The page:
Take an Active Rest
If you have hit a plateau, it may be time for an active rest. Take a week off from structured exercise, and instead take leisurely walks, play ball with the kids, or take a yoga class. Active rest rejuvenates the mind and the body and allows for overworked muscles to rest and rebuild. You will return to exercise stronger and ready for new challenges.
Time to Eat
As you increase your fitness level, your body’s metabolism may increase and so will your calorie needs. If you hit a plateau, evaluate how much you are eating. You may need to eat more than you have in the past for your body to continue to increase its fitness level. If you find you are often hungry, this is a clear sign you need to eat more to sustain your exercise program.
Mix it Up
If you do not vary your workout routine your body will eventually run on cruise control, and you will experience a plateau. Try new cardiovascular activities, or use free weights if you always use machines for strength training. Changes in your routine will surprise the body and force it to adapt, bringing you to new levels of fitness.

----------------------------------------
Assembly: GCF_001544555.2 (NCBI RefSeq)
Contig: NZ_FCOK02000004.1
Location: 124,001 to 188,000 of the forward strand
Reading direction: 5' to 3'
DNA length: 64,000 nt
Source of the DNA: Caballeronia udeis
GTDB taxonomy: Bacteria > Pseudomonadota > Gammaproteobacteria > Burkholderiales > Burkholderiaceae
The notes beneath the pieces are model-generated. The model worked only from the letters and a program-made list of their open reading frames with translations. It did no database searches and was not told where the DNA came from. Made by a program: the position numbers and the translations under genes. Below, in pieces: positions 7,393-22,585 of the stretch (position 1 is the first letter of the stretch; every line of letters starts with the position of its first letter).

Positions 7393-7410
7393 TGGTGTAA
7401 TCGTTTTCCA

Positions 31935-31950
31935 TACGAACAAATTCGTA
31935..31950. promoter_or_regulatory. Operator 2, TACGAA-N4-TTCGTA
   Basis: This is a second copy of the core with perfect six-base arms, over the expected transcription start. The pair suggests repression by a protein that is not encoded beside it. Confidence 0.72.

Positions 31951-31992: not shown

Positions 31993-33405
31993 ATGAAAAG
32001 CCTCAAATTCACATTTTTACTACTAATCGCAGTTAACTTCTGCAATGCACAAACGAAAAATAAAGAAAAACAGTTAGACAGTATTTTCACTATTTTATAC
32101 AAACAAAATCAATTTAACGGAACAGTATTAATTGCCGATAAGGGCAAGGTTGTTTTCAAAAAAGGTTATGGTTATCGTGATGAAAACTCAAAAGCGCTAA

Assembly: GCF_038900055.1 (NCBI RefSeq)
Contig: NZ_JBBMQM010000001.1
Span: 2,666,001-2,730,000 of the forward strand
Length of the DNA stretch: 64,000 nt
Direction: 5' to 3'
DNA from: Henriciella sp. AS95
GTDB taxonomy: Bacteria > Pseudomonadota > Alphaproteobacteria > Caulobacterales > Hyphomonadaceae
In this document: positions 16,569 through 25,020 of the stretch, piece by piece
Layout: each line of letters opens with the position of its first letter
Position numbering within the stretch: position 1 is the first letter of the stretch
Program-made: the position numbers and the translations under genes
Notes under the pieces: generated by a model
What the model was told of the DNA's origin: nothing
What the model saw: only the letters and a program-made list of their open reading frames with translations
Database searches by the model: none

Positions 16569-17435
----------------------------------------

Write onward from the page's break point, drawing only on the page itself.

Different Day, Different Intensity
Varying your activities, or cross-training is important to avoid or break through a plateau. While cross-training the type of activity is often recommended, it is also important to cross-train the intensity of your workouts. Specify different days of the week as low, moderate or high-intensity days. Try interval training work at a low intensity for a couple of minutes and increase to a high intensity for a couple of minutes, and repeat. If you use a heart rate monitor, be sure your average heart rate for your exercise sessions vary from day to day.
Sleep It Off
Be sure you are getting enough sleep. Getting the right amount of sleep for your body will allow time for your muscles to recover from exercise. This will ensure that you can come to your next exercise session with enough energy and at full strength to take on a challenging workout.
If you are still frustrated, find inspiration in the story of Chris Witty, winner of the Gold Medal in 1000 meter speed skating in the 1998 Winter Olympics. A month before she was to compete in the Olympics, she was diagnosed with mononucleosis. Of course she had to cut back on training, and at the time that she should have been preparing to peak for competition. Not only did she win the Gold Medal, which nobody expected, she broke the world record! Imagine what a little rest might do for your workouts!